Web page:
The Umbrella Academy Is Anything but Ordinary

Zoe Glasser and Alexis Larsen

How do you make a superhero story unique? For The Umbrella Academy, the answer is to create a dysfunctional superpowered family, time-traveling assassins, and an impending apocalypse. 

The Umbrella Academy was originally a comic book created by former My Chemical Romance frontman Gerard Way and illustrated by Gabriel Bá. It was first published in 2007 and has since achieved cult status among comic enthusiasts. In 2018, it was announced that streaming giant Netflix had greenlit the production of a live-action first season, which debuted on February 15, 2019. 

The story follows a dysfunctional family of seven siblings whose eccentric billionaire father, Reginald Hargreeves, adopted them from across the world. Luther (Tom Hopper) is the leader of the team, and boasts super strength; Diego (David Castañeda) is a hotheaded vigilante with superb aim; Allison (Emmy Raver-Lampman) is an A-list movie star with the power of persuasion; Klaus (Robert Sheehan) is a drug-addled kleptomaniac who can speak to the dead; and Vanya (Ellen Page) is an ever-excluded and seemingly ordinary violinist. Two members of the Academy are missing: Number Five (Aidan Gallagher), with the ability to teleport throughout time and space, mysteriously disappeared seventeen years ago, and Ben (Justin H. Min) who could unleash tentacles from his stomach, died tragically as a child. The estranged family is brought together by their father’s death in the first episode, when Number Five reappears, claiming that the apocalypse will occur in eight days. 

Meanwhile, Number Five is pursued by Hazel (Cameron Britton) and Cha Cha (Mary J. Blige), two time-traveling assassins. When first introduced, the duo seemed to be the main antagonists who wore colorful cartoon masks during each mission, but it is quickly revealed that they were receiving orders from a higher power. 

The 15-year-old Aidan Gallagher faced the toughest role in the cast, playing a 58-year-old trapped in a 13-year-old’s body. His sardonic and egotistical attitude is both compelling and hilarious, and his interactions with the other characters always make for a plot revelation or an instance of comedic relief. 

The ten-episode series excelled where many Netflix originals struggle: it gave each character meaningful development without rushing the plot. The show gives characters such as the addictive, chaotic Klaus a purpose and reason for his actions and behaviors.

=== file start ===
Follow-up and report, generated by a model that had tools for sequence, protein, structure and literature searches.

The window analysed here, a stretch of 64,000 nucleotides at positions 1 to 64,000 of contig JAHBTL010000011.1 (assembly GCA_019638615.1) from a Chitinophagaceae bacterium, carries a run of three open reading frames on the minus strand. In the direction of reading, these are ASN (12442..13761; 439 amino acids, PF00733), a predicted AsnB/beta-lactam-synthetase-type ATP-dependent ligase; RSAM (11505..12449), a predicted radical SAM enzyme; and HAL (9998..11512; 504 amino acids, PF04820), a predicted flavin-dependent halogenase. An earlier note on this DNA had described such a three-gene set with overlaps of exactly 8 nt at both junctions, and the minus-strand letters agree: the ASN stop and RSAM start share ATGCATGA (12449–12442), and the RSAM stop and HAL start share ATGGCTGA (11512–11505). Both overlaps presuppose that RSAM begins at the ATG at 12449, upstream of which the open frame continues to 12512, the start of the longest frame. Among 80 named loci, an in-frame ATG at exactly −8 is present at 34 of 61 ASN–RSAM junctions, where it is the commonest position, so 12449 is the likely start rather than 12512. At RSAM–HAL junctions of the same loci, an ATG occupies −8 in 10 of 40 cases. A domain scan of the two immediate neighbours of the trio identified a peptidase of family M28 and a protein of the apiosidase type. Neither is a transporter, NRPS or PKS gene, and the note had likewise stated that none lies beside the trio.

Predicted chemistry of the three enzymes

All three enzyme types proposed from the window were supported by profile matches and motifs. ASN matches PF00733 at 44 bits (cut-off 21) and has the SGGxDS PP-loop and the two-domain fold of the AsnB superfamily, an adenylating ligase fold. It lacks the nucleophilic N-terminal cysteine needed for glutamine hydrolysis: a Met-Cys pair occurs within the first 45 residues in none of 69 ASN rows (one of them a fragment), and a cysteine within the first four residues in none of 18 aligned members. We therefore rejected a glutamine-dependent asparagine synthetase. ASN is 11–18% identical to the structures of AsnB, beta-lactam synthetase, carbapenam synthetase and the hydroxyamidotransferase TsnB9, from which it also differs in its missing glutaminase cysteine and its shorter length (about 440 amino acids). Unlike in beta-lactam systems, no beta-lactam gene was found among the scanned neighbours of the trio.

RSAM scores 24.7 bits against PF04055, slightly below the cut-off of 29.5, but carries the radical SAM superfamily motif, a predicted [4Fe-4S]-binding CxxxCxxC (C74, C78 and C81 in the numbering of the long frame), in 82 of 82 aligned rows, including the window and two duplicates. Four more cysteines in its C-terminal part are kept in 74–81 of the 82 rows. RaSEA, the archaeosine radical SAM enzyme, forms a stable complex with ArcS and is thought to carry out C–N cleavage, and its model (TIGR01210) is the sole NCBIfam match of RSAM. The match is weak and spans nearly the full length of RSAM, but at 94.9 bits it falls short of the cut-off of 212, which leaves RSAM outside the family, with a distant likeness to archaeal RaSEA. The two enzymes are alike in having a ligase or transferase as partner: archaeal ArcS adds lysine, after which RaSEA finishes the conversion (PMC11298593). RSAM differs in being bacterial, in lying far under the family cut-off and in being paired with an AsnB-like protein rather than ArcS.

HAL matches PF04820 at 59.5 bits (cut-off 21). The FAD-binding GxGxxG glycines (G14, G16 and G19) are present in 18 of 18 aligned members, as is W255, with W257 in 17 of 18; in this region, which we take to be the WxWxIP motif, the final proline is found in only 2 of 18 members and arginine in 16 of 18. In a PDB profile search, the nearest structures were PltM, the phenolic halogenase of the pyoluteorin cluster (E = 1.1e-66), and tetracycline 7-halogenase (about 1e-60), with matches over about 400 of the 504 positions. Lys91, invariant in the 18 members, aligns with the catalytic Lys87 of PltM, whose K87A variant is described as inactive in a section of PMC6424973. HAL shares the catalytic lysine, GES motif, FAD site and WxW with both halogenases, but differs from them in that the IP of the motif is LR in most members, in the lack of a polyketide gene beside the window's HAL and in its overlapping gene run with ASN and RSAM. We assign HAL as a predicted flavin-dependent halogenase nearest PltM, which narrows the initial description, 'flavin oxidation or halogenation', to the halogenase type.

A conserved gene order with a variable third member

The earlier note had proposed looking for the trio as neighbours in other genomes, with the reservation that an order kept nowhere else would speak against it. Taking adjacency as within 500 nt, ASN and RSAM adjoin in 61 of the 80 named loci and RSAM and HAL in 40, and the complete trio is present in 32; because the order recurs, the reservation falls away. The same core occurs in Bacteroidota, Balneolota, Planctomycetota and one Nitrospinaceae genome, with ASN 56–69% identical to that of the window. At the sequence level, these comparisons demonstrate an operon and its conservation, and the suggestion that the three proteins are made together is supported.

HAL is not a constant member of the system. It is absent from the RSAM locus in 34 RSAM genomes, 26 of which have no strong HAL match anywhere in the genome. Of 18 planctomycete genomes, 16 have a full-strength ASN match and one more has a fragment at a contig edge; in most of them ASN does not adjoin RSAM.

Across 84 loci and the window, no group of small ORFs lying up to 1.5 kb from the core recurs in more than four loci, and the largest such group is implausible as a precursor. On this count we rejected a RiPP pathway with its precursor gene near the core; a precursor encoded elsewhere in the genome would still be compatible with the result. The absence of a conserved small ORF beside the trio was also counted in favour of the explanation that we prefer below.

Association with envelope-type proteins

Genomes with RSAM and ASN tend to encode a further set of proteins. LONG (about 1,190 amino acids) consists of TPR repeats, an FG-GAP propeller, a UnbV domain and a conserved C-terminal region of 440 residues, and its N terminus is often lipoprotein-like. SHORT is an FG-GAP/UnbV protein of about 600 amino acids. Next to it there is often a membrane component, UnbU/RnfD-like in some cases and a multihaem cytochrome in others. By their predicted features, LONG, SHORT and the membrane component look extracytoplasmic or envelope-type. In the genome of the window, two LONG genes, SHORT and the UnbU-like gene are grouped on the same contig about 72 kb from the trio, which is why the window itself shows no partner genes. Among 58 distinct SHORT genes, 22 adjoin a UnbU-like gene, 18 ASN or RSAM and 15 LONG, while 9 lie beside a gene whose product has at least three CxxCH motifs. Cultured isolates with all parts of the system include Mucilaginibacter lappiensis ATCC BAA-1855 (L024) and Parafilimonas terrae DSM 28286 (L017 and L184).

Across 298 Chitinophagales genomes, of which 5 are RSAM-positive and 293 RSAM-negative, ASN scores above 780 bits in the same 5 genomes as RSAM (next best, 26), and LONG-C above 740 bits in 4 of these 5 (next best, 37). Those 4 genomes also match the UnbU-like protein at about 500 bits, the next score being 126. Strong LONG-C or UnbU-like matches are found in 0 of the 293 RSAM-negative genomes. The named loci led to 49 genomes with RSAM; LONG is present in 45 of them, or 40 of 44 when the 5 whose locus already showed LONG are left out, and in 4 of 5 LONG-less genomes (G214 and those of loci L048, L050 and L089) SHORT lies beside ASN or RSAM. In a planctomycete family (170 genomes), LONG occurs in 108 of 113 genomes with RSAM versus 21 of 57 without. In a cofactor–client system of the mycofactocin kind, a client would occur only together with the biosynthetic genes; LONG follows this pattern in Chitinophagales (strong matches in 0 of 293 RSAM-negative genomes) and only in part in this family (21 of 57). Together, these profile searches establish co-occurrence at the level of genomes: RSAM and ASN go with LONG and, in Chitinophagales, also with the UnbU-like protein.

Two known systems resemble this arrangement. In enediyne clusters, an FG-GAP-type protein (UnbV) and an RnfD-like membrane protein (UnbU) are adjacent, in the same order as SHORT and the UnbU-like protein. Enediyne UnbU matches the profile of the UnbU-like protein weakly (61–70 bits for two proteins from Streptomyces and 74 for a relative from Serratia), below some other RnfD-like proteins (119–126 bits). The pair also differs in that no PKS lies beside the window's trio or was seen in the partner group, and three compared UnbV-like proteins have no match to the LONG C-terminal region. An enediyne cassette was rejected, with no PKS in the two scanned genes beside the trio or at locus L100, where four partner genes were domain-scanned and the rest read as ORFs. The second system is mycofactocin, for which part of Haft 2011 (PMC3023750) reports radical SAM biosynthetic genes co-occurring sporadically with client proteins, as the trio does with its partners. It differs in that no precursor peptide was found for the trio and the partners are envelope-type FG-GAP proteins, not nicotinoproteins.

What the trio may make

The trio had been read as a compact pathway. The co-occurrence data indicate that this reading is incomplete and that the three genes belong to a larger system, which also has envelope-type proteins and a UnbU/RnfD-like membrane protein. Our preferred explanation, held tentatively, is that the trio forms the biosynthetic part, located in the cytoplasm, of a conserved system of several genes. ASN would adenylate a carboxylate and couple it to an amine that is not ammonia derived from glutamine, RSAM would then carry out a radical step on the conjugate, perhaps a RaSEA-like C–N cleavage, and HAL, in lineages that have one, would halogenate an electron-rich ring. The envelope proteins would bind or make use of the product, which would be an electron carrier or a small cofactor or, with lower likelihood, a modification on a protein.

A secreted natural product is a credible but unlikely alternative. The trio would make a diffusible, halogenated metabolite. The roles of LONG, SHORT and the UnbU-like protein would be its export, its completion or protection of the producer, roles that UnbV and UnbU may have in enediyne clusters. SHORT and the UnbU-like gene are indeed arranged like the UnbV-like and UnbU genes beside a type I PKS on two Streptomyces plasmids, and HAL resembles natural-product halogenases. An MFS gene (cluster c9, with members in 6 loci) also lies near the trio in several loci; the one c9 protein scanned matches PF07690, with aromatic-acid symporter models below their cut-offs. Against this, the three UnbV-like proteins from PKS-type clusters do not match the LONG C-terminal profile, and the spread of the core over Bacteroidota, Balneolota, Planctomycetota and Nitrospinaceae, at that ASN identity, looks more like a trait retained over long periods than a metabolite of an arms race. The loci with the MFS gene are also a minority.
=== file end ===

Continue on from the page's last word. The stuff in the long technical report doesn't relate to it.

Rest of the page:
The soundtrack was largely influenced by Way and his love for 20th-century music. The track list includes Saturday Night by Bay City Rollers, Don’t Stop Me Now by Queen, I Think We’re Alone Now by Tiffany, Dancing in the Moonlight by Toploader, and One by Three Dog Night. The track list also includes Hazy Shade of Winter by Simon and Garfunkel and Happy Together by The Turtles, both of which were covered by Way and featuring former My Chemical Romance guitarist Ray Toro. Each song was placed perfectly in an episode, making memorable and breathtaking scenes. The use of Istanbul (Not Constantinople) by They Might Be Giants during a fight sequence between Five and antagonists Hazel and Cha Cha was placed brilliantly, changing the entire mood of the scene.

The series made major changes of the source material in that the cast of the series was far more diverse than that of the comic. Since each of the Hargreeves children were theoretically born all over the world, Way wanted to display this in the casting of the show.  This choice translated excellently onto the small screen and showed that everyone can be a superhero, regardless of origins and experiences. 

Overall, the cinematography, acting, and soundtrack meshed together beautifully and led to a creative and refreshing take on a common trope. Sometimes the plot can be a bit predictable, but the originality of the concept counterbalances this. The series is extremely binge-able due to its frequent cliff-hangers, and is recommended for anyone above the age of 14.